In previous pieces I have written for SurvivalBlog, I have told of ways to prepare Field Kits, and of Shooting Skills, and other preparedness information. In today’s article I will write a little about spiritual preparedness:

The first acting “survivalist” was probably Noah and his family. (Note: I do not take credit for being the first person to come up with this idea). Under God’s direction he built a “Bug out Vehicle” of sorts (Genesis 6:14-16). God gave them a way of escape, and direction to store the things they would need for the coming threat ahead as well as the future of the earth. They gathered and stored food stuffs, grains, water, tools, and raw materials (Genesis 6:21).

They gathered the various types of animals on the earth at that time, and of the animals God gave man for food – He had them gather seven pairs (male and female) instead of just one pair (Genesis 7:2-3). God was their protector through the devastation of the earth, but they had done their part by preparing what would be needed in their future.

Another type of survivor (in a spiritual sense) comes to mind. When Jesus Christ hung on the cross some 2000 years ago, there were two thieves who hung on crosses near Him. One believed that Jesus was the Christ, but the other did not. The one who believed was told by Jesus that “today shalt thou be with me in Paradise” (KJV, Luke 23:40-43). This second thief realized that Jesus was the Son of God. He feared God, and believed that Jesus was His Son. He professed this with his mouth, and being his last day on earth – he repented. Romans 10:9-10 (KJV) reads: “9) That if thou shalt confess with thy mouth the Lord Jesus, and shalt believe in thine heart that God raised him from the dead, thou shalt be saved. 10) For with the heart man believeth unto righteousness; and the mouth confession is made unto salvation.”

The thief had no time left on earth to “earn” his salvation, but the Bible says that if we believe and we repent – we can be saved. Our best “works” are not able to save us! (see Isaiah 64:6). Fortunately, God loved us enough to send His Son Jesus to die for our sins, taking our place on that cross! (John 3:16)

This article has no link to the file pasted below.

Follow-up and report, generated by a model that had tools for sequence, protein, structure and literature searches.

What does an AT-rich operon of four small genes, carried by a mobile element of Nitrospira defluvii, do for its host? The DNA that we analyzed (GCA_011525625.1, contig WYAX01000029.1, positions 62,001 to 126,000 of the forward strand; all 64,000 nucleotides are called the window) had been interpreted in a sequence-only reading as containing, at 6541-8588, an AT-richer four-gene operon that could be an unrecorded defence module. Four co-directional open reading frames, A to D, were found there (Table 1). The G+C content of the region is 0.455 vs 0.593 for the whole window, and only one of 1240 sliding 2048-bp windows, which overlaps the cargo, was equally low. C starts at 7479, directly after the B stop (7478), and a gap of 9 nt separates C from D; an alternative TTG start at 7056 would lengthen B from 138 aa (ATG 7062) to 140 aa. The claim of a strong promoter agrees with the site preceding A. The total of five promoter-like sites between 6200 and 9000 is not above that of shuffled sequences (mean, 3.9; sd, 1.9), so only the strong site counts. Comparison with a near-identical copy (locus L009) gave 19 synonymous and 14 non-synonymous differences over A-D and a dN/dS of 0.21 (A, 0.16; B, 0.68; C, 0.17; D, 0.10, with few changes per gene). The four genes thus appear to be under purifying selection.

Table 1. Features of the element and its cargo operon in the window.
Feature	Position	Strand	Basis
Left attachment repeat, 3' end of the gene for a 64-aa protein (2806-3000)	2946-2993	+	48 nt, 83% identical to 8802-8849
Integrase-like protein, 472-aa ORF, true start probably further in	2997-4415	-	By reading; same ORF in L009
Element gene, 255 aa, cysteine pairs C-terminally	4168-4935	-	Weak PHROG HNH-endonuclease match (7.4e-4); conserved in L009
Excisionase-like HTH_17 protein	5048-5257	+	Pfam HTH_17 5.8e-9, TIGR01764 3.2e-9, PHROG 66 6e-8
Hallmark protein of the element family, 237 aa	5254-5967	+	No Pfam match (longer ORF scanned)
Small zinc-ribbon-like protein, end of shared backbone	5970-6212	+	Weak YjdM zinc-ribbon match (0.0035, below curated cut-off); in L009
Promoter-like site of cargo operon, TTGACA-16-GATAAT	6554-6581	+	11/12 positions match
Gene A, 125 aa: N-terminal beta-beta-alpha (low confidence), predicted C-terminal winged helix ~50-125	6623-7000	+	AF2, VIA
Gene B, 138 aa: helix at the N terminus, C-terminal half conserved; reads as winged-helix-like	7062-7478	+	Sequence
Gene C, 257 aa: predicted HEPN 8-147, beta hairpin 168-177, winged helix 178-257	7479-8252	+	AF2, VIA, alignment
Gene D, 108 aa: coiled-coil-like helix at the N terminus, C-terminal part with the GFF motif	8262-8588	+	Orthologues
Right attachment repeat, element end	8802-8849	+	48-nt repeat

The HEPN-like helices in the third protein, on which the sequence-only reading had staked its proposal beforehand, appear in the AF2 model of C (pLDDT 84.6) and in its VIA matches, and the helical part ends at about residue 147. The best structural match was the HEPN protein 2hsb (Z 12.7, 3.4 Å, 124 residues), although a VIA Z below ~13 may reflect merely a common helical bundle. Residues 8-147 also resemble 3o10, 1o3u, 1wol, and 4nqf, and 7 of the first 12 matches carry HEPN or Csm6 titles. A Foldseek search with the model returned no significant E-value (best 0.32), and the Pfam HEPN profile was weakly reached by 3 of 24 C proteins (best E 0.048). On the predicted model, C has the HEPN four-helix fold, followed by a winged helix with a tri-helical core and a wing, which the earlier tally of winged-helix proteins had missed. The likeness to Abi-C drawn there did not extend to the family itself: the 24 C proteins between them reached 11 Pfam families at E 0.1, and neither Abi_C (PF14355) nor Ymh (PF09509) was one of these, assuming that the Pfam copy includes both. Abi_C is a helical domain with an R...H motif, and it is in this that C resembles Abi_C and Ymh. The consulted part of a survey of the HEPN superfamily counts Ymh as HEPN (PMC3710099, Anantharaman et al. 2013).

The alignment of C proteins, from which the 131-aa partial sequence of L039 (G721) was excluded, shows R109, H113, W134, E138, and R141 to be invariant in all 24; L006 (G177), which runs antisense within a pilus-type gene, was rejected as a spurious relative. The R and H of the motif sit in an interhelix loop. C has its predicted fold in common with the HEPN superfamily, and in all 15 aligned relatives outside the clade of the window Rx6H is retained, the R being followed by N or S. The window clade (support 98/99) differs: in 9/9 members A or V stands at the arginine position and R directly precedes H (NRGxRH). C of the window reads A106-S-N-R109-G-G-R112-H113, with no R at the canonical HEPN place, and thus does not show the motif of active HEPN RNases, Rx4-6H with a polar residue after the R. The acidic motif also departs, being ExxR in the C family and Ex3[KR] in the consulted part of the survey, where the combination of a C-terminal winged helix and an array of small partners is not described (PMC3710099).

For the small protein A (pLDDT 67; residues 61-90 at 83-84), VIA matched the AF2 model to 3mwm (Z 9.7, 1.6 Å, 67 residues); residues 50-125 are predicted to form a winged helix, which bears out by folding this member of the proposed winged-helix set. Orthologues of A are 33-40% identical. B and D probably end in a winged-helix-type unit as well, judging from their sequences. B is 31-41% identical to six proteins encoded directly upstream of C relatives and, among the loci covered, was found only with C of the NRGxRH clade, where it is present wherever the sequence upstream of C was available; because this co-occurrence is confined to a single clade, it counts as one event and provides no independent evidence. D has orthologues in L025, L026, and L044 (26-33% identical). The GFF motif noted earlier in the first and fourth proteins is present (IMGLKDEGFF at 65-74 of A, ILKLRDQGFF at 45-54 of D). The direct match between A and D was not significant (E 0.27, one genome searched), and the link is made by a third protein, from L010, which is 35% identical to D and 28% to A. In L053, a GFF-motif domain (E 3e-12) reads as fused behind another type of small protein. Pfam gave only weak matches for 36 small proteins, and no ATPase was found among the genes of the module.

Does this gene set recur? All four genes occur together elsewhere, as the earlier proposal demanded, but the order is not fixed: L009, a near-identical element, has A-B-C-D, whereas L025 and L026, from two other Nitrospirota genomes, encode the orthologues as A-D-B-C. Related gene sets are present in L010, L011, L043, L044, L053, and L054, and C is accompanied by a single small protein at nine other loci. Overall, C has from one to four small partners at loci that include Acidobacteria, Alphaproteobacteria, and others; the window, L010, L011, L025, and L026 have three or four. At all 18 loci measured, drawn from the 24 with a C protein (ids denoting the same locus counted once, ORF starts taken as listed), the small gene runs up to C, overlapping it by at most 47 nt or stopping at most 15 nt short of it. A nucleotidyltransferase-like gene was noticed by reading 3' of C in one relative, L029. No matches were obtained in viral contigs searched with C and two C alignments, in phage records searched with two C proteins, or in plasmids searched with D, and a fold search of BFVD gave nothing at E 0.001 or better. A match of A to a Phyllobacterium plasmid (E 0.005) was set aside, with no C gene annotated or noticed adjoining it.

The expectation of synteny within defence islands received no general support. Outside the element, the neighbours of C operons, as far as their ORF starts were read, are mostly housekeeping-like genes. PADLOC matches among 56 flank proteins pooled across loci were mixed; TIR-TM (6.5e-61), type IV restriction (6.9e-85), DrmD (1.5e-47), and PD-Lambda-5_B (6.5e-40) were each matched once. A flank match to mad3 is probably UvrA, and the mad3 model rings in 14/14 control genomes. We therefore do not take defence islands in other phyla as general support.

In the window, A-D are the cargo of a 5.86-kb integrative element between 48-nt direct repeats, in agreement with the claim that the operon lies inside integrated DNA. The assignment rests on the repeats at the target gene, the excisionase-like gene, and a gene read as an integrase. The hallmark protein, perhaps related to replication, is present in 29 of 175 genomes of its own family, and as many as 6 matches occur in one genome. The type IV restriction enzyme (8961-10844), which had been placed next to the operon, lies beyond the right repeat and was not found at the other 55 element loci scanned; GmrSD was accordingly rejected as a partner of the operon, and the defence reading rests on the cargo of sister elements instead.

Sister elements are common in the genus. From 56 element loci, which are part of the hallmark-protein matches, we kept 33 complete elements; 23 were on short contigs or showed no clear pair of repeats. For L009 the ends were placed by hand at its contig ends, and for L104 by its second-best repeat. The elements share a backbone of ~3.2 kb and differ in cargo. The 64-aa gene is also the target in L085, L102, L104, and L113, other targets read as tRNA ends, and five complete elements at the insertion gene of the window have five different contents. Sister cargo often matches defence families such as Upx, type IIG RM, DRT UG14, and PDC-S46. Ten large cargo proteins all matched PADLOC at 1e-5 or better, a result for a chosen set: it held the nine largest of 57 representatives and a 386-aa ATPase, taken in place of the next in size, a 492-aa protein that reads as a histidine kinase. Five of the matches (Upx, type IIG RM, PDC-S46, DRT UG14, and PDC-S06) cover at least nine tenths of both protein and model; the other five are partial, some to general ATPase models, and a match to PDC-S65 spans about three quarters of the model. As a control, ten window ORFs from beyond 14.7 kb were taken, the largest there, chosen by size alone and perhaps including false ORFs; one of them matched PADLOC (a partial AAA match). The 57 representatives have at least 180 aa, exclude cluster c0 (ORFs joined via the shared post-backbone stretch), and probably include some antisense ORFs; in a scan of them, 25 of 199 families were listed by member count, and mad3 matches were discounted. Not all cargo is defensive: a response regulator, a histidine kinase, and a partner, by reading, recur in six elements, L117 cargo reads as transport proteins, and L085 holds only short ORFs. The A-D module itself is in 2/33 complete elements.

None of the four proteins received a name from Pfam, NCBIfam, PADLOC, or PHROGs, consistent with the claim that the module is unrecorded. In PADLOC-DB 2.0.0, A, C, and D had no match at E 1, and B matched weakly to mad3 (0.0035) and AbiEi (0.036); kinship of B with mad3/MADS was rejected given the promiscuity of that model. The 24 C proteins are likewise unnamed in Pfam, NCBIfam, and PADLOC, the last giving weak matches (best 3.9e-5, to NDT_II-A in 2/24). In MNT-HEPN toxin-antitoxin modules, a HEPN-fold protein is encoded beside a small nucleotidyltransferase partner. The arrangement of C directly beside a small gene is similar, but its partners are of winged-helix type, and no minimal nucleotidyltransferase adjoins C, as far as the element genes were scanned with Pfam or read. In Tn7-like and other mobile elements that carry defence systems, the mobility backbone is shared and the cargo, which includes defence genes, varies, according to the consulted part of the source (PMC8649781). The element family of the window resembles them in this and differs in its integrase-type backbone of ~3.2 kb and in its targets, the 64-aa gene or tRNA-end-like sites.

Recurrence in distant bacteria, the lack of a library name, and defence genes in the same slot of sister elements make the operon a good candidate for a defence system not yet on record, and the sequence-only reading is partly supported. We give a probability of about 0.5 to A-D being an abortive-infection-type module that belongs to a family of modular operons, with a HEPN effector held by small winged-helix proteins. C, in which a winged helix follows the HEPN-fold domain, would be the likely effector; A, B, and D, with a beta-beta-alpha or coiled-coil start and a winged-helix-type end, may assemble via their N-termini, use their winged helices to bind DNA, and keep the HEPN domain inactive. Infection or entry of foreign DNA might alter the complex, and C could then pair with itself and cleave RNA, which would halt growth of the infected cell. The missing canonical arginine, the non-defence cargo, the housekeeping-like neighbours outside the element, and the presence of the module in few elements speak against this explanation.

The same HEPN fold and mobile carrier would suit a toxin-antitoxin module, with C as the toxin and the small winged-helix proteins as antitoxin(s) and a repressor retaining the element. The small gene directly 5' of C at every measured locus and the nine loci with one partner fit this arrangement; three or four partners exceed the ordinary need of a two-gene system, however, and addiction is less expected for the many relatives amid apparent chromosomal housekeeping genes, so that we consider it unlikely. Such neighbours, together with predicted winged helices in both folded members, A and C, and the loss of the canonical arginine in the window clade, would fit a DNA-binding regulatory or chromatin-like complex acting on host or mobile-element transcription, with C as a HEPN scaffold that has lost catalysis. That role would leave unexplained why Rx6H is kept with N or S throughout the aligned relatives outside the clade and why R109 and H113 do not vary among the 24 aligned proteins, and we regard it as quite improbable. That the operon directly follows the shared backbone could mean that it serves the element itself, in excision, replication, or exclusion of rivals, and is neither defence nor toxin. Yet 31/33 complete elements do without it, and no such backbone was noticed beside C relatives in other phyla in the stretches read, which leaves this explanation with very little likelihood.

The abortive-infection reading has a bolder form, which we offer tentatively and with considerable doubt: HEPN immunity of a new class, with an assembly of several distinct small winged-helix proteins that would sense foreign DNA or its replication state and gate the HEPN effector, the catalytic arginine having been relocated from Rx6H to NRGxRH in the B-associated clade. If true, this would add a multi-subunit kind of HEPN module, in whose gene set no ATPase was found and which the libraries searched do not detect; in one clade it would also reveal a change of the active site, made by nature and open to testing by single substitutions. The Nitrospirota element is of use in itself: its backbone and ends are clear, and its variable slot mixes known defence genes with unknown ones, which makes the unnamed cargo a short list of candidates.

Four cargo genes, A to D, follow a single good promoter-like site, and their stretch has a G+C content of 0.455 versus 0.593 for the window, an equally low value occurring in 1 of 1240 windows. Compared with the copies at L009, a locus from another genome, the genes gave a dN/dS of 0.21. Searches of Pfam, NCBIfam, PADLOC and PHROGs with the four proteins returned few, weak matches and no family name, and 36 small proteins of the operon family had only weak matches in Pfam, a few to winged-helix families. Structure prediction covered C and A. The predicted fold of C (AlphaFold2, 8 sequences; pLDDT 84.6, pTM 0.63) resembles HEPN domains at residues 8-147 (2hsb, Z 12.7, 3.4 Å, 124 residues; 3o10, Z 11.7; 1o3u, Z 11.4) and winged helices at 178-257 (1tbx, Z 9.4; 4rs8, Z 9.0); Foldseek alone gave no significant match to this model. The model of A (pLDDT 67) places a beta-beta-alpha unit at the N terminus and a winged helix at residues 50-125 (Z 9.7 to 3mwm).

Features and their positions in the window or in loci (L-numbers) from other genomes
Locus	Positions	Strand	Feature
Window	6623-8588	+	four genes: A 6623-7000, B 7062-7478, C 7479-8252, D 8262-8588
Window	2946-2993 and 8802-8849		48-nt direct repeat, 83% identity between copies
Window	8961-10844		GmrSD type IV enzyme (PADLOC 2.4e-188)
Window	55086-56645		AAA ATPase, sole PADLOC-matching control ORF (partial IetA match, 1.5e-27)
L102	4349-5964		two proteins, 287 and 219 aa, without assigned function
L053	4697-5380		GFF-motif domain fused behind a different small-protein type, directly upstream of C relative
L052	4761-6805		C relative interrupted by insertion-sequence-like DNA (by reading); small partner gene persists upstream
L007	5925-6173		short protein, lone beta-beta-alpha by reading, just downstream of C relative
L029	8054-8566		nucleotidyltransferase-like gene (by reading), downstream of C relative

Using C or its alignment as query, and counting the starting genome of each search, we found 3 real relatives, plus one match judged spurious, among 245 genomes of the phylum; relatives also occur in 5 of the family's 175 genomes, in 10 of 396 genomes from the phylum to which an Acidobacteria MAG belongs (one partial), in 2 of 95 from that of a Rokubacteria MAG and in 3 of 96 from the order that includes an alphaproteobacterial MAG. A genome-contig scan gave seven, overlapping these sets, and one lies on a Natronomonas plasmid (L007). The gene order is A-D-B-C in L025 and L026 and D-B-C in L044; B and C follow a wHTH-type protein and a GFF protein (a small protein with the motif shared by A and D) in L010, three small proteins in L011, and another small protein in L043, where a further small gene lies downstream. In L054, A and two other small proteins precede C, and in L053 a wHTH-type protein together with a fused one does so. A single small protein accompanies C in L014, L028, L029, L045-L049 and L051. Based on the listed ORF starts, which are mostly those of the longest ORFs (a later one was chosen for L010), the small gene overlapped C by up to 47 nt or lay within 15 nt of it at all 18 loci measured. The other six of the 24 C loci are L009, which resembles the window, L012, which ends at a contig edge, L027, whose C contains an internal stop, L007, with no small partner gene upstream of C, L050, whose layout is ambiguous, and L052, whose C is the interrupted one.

The believing thief was a “spiritual survivor”. The Bible says he will live eternally. You the reader have probably made plans and preparations for surviving the hard times ahead, but will you be an “eternal survivor” as well? – Christian Souljer

Odds ‘n Sods:

The ‘Worst case’ bird flu pandemic may have been underestimated. And it is now known that H5N1 can attack other organs — not just the human respiratory tract.

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Yevgeny Primakov’s view of the Iranian situation.

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SurvivalBlog reader RBS mentioned this article about the prospect of an inflation-proof “forever” postage stamp. If these ever get issued, then I’m stocking up!

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By way of Gold-Eagle, Jason Hommel comments on both the rapid expansion of the silver ETF and the threat of Bolivian silver mine expropriation

Letter Re: Junk Silver Bags–No Need to Inspect and Count 10,000 Silver Dimes

Hello Jim,
I am hoping that you can verify something for me about the [U.S. circulated} 90% silver [coin] bags. I just received my order of a $1,000 face [value] bag from The Tulving Company of California. I believe that I saw their name [mentioned] on SurvivalBlog a number of months ago. They have great customer service and the product came faster than they had promised. What I received from them came shipped in a plastic paint pail and inside was a flour sack, cloth bag, full of dimes and the weight printed on the UPS sticker showed 57 pounds. Sounds good, I think, but the bag inside has no markings and wasn’t sealed or sewn shut. It was just closed with a zip tie plastic fastener. Is this right, or should I be concerned? I am considering purchasing additional bags from them and my wife brought up that maybe I should ask a few questions instead of just accepting this as being appropriate. I really want this to be fine because I don’t want to have to count out all these dimes! Your insight would be greatly appreciated by my family! – S.C. in Washington